3 reasons why a Microsoft's $72 billion Nokia purchase could surprise the education world. (I am nothing if not hopeful).
Reason 1: Macromedia
Raise your hand if you remember (and loved) Macromedia. What a great company. What a terrific partner to higher education. So many of the folks that worked for Macromedia were higher ed nerds.
Stephen Elop, the CEO of Nokia and Microsoft's Microsoft's future of mobile computing (and I bet next CEO), once ran Macromedia.
Adobe may have swallowed Macromedia, but maybe (just maybe) the education mojo that we saw in Macromedia still runs through Elop.
Reason 2: India
India has over 900 million mobile subscribers. The demand for postsecondary educational services in India will dramatically and completely dwarf the supply. India could leapfrog our bundled, campus based model of higher education and jump right to mobile courses and mobile learning.
Microsoft and Nokia could catalyze this shift.
India could lead the way into mobile learning at scale, the rest of the emerging world could follow.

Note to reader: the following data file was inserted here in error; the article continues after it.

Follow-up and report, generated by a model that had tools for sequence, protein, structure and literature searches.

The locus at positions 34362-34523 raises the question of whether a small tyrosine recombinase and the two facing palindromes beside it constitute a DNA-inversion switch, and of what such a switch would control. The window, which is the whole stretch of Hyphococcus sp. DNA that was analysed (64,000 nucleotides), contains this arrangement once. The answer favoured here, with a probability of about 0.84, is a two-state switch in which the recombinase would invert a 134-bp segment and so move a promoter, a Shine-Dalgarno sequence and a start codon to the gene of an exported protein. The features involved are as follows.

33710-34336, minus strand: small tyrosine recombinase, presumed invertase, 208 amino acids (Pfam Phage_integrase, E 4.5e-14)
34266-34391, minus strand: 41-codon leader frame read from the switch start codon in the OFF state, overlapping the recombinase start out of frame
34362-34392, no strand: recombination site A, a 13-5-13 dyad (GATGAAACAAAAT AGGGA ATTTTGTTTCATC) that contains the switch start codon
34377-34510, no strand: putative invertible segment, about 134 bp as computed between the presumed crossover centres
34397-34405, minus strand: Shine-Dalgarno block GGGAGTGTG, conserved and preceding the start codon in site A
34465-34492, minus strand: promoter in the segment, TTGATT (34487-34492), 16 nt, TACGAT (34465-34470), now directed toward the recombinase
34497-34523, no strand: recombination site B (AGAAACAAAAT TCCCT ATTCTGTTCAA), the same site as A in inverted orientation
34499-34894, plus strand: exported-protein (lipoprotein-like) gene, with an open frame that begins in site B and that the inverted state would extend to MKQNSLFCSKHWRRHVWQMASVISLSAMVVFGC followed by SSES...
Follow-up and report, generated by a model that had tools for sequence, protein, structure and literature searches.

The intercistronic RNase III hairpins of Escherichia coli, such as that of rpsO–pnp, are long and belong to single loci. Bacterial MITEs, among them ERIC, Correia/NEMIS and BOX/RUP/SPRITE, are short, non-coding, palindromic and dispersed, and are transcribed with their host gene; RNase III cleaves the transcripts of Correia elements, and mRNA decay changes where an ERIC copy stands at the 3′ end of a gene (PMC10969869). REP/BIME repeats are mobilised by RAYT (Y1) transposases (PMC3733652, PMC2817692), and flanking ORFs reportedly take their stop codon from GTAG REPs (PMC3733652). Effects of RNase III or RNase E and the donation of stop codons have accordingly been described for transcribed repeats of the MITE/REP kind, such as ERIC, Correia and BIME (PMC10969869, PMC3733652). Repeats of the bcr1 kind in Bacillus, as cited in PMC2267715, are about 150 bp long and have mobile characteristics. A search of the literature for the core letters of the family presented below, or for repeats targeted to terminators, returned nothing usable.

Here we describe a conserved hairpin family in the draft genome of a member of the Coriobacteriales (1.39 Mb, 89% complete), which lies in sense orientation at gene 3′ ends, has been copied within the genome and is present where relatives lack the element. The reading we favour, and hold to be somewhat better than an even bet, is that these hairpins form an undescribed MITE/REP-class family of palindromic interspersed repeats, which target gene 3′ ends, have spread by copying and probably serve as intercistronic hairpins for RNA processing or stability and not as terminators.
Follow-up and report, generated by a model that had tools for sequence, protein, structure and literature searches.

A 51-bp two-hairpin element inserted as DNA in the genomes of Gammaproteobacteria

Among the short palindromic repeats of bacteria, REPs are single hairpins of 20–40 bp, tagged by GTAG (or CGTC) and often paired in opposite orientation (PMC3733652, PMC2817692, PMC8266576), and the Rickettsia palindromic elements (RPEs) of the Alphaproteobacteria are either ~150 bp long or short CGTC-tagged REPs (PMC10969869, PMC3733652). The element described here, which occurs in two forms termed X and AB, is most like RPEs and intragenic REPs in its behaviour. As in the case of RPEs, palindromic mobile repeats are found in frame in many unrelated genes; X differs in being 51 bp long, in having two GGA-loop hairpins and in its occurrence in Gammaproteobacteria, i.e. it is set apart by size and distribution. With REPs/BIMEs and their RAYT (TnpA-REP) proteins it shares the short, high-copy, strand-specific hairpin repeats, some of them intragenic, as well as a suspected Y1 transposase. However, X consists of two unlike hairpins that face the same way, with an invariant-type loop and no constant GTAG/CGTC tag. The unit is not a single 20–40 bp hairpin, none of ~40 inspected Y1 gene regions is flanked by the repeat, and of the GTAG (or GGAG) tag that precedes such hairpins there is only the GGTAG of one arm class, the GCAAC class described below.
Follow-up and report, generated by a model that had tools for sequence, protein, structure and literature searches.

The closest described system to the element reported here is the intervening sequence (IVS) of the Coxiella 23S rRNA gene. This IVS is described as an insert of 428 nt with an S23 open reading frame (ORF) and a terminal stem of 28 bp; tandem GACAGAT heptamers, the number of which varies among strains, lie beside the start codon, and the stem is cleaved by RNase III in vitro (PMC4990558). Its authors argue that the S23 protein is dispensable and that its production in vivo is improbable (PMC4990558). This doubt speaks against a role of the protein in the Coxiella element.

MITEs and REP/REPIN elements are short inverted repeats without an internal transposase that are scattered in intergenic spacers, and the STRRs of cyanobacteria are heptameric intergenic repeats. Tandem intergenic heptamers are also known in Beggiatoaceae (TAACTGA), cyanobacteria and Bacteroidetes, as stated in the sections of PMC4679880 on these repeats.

Reason 3: Xbox
Why do I say Xbox? Why mention a gaming platform? I bring up Xbox not because I think that a Microsoft/Nokia combination should go big into mobile gaming (they will anyway). I bring up Xbox because Xbox is about the only cool thing I can point to that Microsoft has done in about a decade.
The Xbox succeeded because Microsoft created a dedicated team and separated them from the larger Microsoft organization. The Xbox team built its own culture and its own organizational structure.
What would happen if Elop created a dedicated team to tackle mobile learning?
A team charged with working with both existing LMS providers to optimize their mobile platforms, as well as with coming up with plans to build educational capabilities into the core functionality of the Microsoft / Nokia phones.
A dedicated team with a specific focus on building mobile educational capabilities for the emerging world. A dedicated team with the sole mission, resources, and independence to get mobile learning right.
How do we get Stephen Elop's attention?